DNA algorithms can help convict criminals, but ‘trade secret’ status blocks independent verifiction

The GLP aggregated and excerpted this blog/article to reflect the diversity of news, opinion and analysis.

In pop culture, DNA is often portrayed as a magical piece of evidence that links perpetrators to crimes and exonerates the innocent. But deciphering it is usually much messier in real life, especially in cases that involve samples of more than one person’s DNA. Over the last decade or so, forensic scientists have come to realize that traditional methods for interpreting these “mixed samples” are often less reliable than previously thought.

Now, Pittsburgh company called Cybergenetics and a handful of other companies are selling a solution: software that claims to interpret mixed DNA with a high degree of accuracy. These companies point to several peer-reviewed studies that describe the underlying mathematical concepts of their programs, as well as results of mock testing in which they correctly interpreted known samples.

But here’s the problem, according to some attorneys and geneticists: These companies claim that the details of how the computer programs carry out their calculations, spelled out in their source codes, are trade secrets. So there’s no way to independently verify that the programs are pinning the real criminal, critics say.

Apart from how well the software works, privacy advocates say it exemplifies an even bigger problem: the growing and often unchecked influence of secret algorithms on society, from Facebook’s News Feed experiment on users’ emotions to the 11 million Volkswagen cars programmed to cheat emissions tests.

Read full, original post: People Are Going To Prison Thanks To DNA Software – But How It Works Is Secret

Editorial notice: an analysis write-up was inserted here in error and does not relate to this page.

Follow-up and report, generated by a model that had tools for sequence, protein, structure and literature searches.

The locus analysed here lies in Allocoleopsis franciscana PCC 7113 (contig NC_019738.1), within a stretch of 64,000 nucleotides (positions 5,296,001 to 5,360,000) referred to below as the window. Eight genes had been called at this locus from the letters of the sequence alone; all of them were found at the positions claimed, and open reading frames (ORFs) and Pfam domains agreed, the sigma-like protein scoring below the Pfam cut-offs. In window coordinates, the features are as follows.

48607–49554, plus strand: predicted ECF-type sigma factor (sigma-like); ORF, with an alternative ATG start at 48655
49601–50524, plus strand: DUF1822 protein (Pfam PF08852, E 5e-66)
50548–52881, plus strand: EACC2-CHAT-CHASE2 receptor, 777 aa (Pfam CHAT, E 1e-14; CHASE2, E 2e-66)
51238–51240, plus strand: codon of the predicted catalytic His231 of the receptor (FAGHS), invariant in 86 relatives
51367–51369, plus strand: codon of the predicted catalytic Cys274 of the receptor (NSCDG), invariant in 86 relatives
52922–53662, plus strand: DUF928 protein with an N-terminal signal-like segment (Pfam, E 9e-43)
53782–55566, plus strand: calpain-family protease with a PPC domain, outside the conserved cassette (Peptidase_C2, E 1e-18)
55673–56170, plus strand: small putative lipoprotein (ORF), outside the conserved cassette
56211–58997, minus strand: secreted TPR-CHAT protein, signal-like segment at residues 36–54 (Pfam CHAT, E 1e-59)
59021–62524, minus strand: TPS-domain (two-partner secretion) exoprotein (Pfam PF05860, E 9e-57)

Outbreak
Outbreak Daily Digest
Biotech Facts & Fallacies
Talking Biotech
Genetics Unzipped
Video: Test everyone – Slovakia goes its own way to control COVID

Video: Test everyone – Slovakia goes its own way to control COVID

As Europe sees record coronavirus cases and deaths, Slovakia is testing its entire adult population. WSJ's Drew Hinshaw explains how ...
mag insects image superjumbo v

Disaster interrupted: Which farming system better preserves insect populations: Organic or conventional?

A three-year run of fragmentary Armageddon-like studies had primed the journalism pumps and settled the media framing about the future ...
dead bee desolate city

Are we facing an ‘Insect Apocalypse’ caused by ‘intensive, industrial’ farming and agricultural chemicals? The media say yes; Science says ‘no’

The media call it the “Insect Apocalypse”. In the past three years, the phrase has become an accepted truth of ...
globalmethanebudget globalcarbonproject cropped x

Infographic: Cows cause climate change? Agriculture scientist says ‘belching bovines’ get too much blame

A recent interview by Caroline Stocks, a UK journalist who writes about food, agriculture and the environment, of air quality ...
organic hillside sweet corn x

Organic v conventional using GMOs: Which is the more sustainable farming?

Many consumers spend more for organic food to avoid genetically modified products in part because they believe that “industrial agriculture” ...
benjamin franklin x

Are most GMO safety studies funded by industry?

The assertion that biotech companies do the research and the government just signs off on it is false ...
favicon

Environmental Working Group: EWG challenges safety of GMOs, food pesticide residues

Known by some as the "Environmental Worrying Group," EWG lobbies for tighter GMO legislation and famously puts out annual "dirty dozen" list of fruits and ...
m hansen

Michael Hansen: Architect of Consumers Union ongoing anti-GMO campaign

Michael K. Hansen (born 1956) is thought by critics to be the prime mover behind the ongoing campaign against agricultural biotechnology at Consumer Reports. He is an ...
News on human & agricultural genetics and biotechnology delivered to your inbox.
Optional. Mail on special occasions.
Send this to a friend